Friday, October 24, 2014

"Angry Madison" remarks confirm Walker is ignoring the concerns of many residents

"Divide and conquer" politics still the go-to strategy for embattled governor

Gov. Scott Walker recently talked about the role that the city of Madison will play in the upcoming gubernatorial election:
There are a lot of people who love what we've done across the state. There are many people in Madison who are angry and they're going to vote no matter what. We have got to make sure that people who love what we do understand they have to come out just as strong. If they do, we'll win this election.
Emphasis added.

Describing Madison voters as “angry,” Walker refuses to confront the fact that as governor he’s meant to serve the entire state, not just the “WOW” counties. Rather than do that, however, Walker goes to his trusted strategy of “divide and conquer,” an offensive maneuver to say the least.

By making the conversation into “us-versus-them,” Walker hopes to villainize the people of Madison so that the rest of the state targets Dane County instead of him.

Madison residents are part of this state, too, and they’re entitled to support the policies and candidates they prefer. Calling Madisonians “angry” is a sad attempt to delegitimize those preferences, to make it seem as though blind rage against him, and not Walker’s record, motivates voters.

More importantly, Madison isn’t the only place upset with the governor’s performance over the past four years. It’s just not mathematically possible, and even if you toss Milwaukee in with us, there are still other parts of the state upset with Walker.

The latest Marquette Law School Poll survey sample (PDF), for example, was only 25 percent Dane County and Milwaukee County respondents. Even if you believe that these two jurisdictions are 100 percent anti-Walker (they’re not), that leaves a significant portion of the state still opposed to him and his policies.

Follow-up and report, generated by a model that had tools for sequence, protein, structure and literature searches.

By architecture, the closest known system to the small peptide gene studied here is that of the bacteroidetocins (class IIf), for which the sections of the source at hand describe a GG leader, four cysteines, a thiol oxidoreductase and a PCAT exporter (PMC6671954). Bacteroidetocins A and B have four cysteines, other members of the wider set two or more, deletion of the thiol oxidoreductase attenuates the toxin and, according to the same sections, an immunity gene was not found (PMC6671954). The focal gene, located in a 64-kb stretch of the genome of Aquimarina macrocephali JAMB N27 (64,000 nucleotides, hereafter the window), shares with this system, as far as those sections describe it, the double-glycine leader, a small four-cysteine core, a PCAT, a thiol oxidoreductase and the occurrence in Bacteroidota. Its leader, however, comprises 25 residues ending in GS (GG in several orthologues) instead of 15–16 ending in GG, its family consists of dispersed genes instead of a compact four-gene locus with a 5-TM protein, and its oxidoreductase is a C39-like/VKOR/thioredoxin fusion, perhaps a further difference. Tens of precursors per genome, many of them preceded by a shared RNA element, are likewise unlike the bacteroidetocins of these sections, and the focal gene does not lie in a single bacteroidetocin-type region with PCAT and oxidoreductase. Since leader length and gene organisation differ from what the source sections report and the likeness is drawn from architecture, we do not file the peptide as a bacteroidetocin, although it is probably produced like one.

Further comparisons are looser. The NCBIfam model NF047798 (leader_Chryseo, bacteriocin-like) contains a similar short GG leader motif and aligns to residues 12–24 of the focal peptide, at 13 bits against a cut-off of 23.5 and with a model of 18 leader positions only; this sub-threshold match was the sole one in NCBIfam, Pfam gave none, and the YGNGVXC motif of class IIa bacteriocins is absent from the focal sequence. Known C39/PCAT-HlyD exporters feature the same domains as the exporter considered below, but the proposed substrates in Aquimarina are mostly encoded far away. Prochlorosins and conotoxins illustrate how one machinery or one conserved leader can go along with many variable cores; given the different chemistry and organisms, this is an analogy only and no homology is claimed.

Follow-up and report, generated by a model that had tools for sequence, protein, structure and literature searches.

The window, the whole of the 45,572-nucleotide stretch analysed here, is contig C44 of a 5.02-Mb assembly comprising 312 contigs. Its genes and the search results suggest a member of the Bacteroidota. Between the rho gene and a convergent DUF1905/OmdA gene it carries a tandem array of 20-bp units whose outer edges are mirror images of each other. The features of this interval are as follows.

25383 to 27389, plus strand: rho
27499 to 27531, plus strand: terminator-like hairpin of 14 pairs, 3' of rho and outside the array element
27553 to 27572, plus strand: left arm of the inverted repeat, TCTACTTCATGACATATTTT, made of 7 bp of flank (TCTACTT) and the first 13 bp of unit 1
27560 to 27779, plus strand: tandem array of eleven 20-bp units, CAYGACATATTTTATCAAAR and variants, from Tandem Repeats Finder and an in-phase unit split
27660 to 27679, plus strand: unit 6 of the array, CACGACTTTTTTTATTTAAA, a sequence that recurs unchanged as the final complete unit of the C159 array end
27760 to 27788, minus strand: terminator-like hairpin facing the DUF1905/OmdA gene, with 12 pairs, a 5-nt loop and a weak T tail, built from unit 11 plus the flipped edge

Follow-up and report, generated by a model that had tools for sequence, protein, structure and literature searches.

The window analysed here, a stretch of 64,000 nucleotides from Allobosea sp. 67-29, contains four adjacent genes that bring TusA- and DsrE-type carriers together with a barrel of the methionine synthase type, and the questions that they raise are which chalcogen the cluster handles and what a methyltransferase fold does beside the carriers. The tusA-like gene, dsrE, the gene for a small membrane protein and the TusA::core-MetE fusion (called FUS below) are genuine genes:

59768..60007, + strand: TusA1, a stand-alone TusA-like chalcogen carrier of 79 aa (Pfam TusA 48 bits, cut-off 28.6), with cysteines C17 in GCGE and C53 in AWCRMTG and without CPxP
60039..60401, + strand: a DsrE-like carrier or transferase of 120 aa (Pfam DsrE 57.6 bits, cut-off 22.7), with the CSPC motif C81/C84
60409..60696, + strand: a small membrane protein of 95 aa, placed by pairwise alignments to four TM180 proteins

The disappointing aspect of Walker’s comments stem from the fact that the “angry” people he’s trying to stigmatize are citizens of the state he’s in charge of. Their concerns, and those of every citizen in Wisconsin, should be his as well.


While we’re on the subjects of heroes and villains, I want to address a comment I made four years ago, in an open letter to then Governor-elect Scott Walker. I was writing on the subject of the high speed rail project, which then-Gov. Jim Doyle decided to leave in the hands of the governor-elect.

In my closing remarks, I wrote:
I don't view you as a villain, Mr. Walker -- I believe that you truly care about Wisconsin, and though we may disagree on some issues, I know your heart is in the right place.
At the time, I had felt that, even if Walker didn’t share my views, he had the interests of the state in mind. Four years after making those remarks, I’m not so certain I’d write them again today.

I’m not sure Walker’s heart is guiding his actions, or that he cares about Wisconsin anymore. At the very least, his comments on “angry” Madisonians confirms that there are certain parts of the state he’d just as soon ignore.

But I suppose that’s how “divide and conquer” politics works.

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